The stock market tanked in 2008, only to stage a tremendous recovery that started in the spring of 2009. If you managed to sell at the top and buy in at the bottom, you're sitting really pretty right now. If, on the other hand, you joined the ranks of those who capitulated near the bottom and are only now thinking about getting back in ... well, let's just say things haven't quite worked out so nicely for folks who fall into that camp.

Truth be told, I'm not sure anybody really did time the market perfectly. I still heard many of the market bears who were close to recognizing the top gnashing their teeth when we were near the bottom. Likewise, the same bulls who appeared to nail the recovery were calling for the recovery throughout much of the drop. It's no big deal to be right once, if you're making the same call day after day after day.

Ignore the stopwatch
Timing the market is generally a futile endeavor. For one thing, personal sentiment tends to get in the way of rational thought, especially when your own real money is on the line. For another, at the extremes on either end, the market's driver's seat is occupied by an emotional herd mentality, not rational thought. If you're smart, you can't figure out where the market is going to go next, and if you're driven by your emotions, you can't separate yourself from the herd.

It's a can't-win scenario. The only way out is to stop trying to time the market and start paying attention to the companies available for purchase within that market. The beauty of the stock market is that it's a collection of individual stocks, each representing its own company. Not all companies are created equally, nor are they financed, led, or operated the same way. But when the market as a whole is driven to extremes, it moves all sorts of companies along with it.

Therein lies your edge. You can't time the market, but you can hold on through the swoons and even buy more of the strongest companies in your portfolio while they're on sale. Yet to be able to make such a decision as the market and economy appear to be crashing all around you, you need to know what companies you own and why they're really worth owning.

What makes a company strong?
Two things matter more than anything else in determining a company's strength:

  • What it has.
  • What it does.

The company's balance sheet describes what it has. It is an accounting of all its assets and liabilities, and it tells you how solid its financial foundation really is. A company with a strong balance sheet can survive a bad economy and position itself to take advantage of the carnage left in the wake of most economic meltdowns. On the flip side, a weak balance sheet makes it far more likely that the company will itself wind up as part of that carnage.

A basic description of the business will tell you more or less what it does, and its cash flow statement will tell you how well it does it. The cash flow statement shows how much money has been pouring into the business and how much cash it takes to support its operations. In many cases, in fact, the cash flows point to a truer picture of the company's health than does the profit number on its income statement.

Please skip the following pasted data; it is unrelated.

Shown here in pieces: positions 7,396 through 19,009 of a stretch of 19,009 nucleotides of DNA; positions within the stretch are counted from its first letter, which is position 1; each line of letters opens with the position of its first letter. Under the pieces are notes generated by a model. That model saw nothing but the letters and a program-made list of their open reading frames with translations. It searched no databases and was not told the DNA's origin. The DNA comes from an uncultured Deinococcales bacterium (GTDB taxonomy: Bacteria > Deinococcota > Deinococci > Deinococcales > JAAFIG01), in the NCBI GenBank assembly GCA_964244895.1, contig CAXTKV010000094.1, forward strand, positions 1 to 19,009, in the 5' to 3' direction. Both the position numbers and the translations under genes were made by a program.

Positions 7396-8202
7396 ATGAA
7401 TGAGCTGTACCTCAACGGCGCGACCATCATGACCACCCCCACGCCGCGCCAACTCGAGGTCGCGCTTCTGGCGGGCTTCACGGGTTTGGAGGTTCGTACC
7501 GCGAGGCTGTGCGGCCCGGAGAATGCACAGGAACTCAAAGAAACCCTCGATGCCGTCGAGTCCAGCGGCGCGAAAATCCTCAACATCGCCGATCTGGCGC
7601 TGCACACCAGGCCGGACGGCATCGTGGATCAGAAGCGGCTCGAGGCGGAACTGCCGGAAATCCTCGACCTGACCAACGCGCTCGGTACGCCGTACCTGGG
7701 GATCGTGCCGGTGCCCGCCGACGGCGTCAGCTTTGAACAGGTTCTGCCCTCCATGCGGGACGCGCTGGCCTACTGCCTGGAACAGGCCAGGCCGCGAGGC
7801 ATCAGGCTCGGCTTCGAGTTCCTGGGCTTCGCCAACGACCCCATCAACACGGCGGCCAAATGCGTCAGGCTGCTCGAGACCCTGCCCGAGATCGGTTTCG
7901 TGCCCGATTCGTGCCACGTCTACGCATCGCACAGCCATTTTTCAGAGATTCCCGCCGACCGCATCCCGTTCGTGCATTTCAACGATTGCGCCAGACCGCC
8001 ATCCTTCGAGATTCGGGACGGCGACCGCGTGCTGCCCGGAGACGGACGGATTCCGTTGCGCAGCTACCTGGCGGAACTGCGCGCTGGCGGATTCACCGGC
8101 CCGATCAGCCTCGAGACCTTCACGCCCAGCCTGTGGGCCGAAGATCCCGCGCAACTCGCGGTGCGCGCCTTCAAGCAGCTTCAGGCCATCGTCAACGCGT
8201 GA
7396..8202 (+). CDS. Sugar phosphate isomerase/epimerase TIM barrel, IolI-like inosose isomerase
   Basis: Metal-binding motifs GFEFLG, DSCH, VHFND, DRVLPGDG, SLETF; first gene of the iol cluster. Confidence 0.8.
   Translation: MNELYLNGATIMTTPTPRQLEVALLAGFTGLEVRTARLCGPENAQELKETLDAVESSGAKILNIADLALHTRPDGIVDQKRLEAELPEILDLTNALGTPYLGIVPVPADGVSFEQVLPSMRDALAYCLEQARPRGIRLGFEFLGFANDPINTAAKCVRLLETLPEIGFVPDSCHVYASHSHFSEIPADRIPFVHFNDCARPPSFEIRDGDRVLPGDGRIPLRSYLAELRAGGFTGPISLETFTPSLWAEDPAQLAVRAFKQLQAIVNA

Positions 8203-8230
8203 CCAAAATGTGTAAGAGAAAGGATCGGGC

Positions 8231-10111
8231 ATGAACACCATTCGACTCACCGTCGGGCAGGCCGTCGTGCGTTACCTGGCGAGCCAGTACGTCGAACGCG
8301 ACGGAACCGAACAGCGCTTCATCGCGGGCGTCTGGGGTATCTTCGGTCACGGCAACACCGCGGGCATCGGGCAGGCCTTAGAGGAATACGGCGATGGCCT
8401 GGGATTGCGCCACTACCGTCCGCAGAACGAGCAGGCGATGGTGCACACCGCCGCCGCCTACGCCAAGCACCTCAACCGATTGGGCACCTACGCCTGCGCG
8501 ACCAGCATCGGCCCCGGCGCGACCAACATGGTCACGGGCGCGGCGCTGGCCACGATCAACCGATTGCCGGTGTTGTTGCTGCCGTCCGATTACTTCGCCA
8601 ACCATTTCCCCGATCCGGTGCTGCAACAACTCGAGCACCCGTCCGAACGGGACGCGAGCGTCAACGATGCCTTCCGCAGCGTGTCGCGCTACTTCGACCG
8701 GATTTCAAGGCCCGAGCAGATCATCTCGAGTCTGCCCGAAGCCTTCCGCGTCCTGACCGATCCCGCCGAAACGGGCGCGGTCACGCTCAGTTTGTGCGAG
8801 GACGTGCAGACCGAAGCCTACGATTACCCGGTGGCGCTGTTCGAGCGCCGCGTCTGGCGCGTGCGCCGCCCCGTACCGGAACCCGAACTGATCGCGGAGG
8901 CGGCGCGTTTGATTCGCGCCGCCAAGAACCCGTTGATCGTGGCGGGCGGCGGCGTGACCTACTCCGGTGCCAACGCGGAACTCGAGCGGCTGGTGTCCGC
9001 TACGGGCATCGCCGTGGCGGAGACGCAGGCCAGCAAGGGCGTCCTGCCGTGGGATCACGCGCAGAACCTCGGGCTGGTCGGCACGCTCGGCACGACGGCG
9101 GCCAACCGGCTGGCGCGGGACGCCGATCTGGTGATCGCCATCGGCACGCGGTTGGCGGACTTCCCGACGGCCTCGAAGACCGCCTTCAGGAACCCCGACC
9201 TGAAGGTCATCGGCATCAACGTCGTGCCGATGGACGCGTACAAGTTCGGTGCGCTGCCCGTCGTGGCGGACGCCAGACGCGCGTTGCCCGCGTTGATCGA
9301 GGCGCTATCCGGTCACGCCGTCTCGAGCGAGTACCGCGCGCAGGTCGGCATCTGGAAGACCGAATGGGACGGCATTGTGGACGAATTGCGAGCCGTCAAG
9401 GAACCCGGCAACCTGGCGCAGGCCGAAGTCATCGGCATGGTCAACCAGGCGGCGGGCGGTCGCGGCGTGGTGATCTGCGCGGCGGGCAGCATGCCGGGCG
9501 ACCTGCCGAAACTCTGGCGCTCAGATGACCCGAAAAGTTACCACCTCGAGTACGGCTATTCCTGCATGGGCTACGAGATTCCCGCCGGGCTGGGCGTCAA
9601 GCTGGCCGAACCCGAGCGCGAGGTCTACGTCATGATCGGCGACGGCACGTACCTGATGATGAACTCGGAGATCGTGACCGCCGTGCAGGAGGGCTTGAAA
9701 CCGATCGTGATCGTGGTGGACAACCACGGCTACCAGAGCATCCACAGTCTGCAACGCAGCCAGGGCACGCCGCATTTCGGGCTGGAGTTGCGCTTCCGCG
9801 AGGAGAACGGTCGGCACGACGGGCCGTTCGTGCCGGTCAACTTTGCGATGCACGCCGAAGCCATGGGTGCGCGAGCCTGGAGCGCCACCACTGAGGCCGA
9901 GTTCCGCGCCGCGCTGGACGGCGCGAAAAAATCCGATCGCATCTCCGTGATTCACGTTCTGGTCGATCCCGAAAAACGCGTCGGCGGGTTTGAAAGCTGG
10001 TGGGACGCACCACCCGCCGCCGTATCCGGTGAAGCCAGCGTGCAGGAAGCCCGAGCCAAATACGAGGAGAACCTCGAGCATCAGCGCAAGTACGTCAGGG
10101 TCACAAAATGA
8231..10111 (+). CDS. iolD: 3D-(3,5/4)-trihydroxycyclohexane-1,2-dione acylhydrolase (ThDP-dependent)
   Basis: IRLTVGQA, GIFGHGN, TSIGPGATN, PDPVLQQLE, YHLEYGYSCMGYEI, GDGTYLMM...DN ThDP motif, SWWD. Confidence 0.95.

When you find a company with both a solid balance sheet and great cash flows, then you have one worth owning, even during a market meltdown. And when such a meltdown takes a strong company down with it, then you have the opportunity to buy even more of that company at a better price. Look at these companies, for example:


Free Cash Flow (*) (in Millions)

Debt-to-Equity Ratio

Cash and Equivalents
(in Millions)

Current Liabilities
(in Millions)






Adobe Systems (Nasdaq: ADBE)





Thermo Fisher Scientific (NYSE: TMO)





Public Storage (NYSE: PSA)





Tiffany (NYSE: TIF)





Markel (NYSE: MKL)





Lincoln Electric (Nasdaq: LECO)





(*) Defined as cash from operations, minus capital expenses.
Data from Capital IQ, a division of Standard and Poor's.

Strong free cash flows indicate that they're actively generating real cash, even as the economy struggles to recover. With a debt-to-equity ratio below 1, they have solid balance sheets capable of weathering most storms. And perhaps most importantly, given the continuing tightness in the debt market, they have more cash and equivalents on hand than they have current liabilities. That means they have enough cash to cover the bills that are coming due in the near future.

You can do it
When a company has a fundamentally strong profile like that, it's a lot easier to hold on -- and perhaps even buy more -- as the market takes down its stock. You can't time the market, but you can certainly hold on to strong companies that trade cheaply. At Motley Fool Inside Value, we were happy to hold on to our strongest companies throughout the market's 2008 crash. And now that the market has recovered much of its lost ground, we've been rewarded for our patience.

If you're ready to seek out the companies that are strong enough to hold through a market crash, then join us today. If you'd rather first see what companies were worth holding through the 2008 mess, click here to start your 30-day, no-obligation free trial and sneak a peek at our scorecard.

At the time of publication, Fool contributor and Inside Value team member Chuck Saletta owned no shares of any company mentioned in this article. Lincoln Electric and Markel are Inside Value selections. Adobe Systems is a Motley Fool Stock Advisor recommendation. The Fool owns shares of Lincoln Electric and Markel and has a disclosure policy.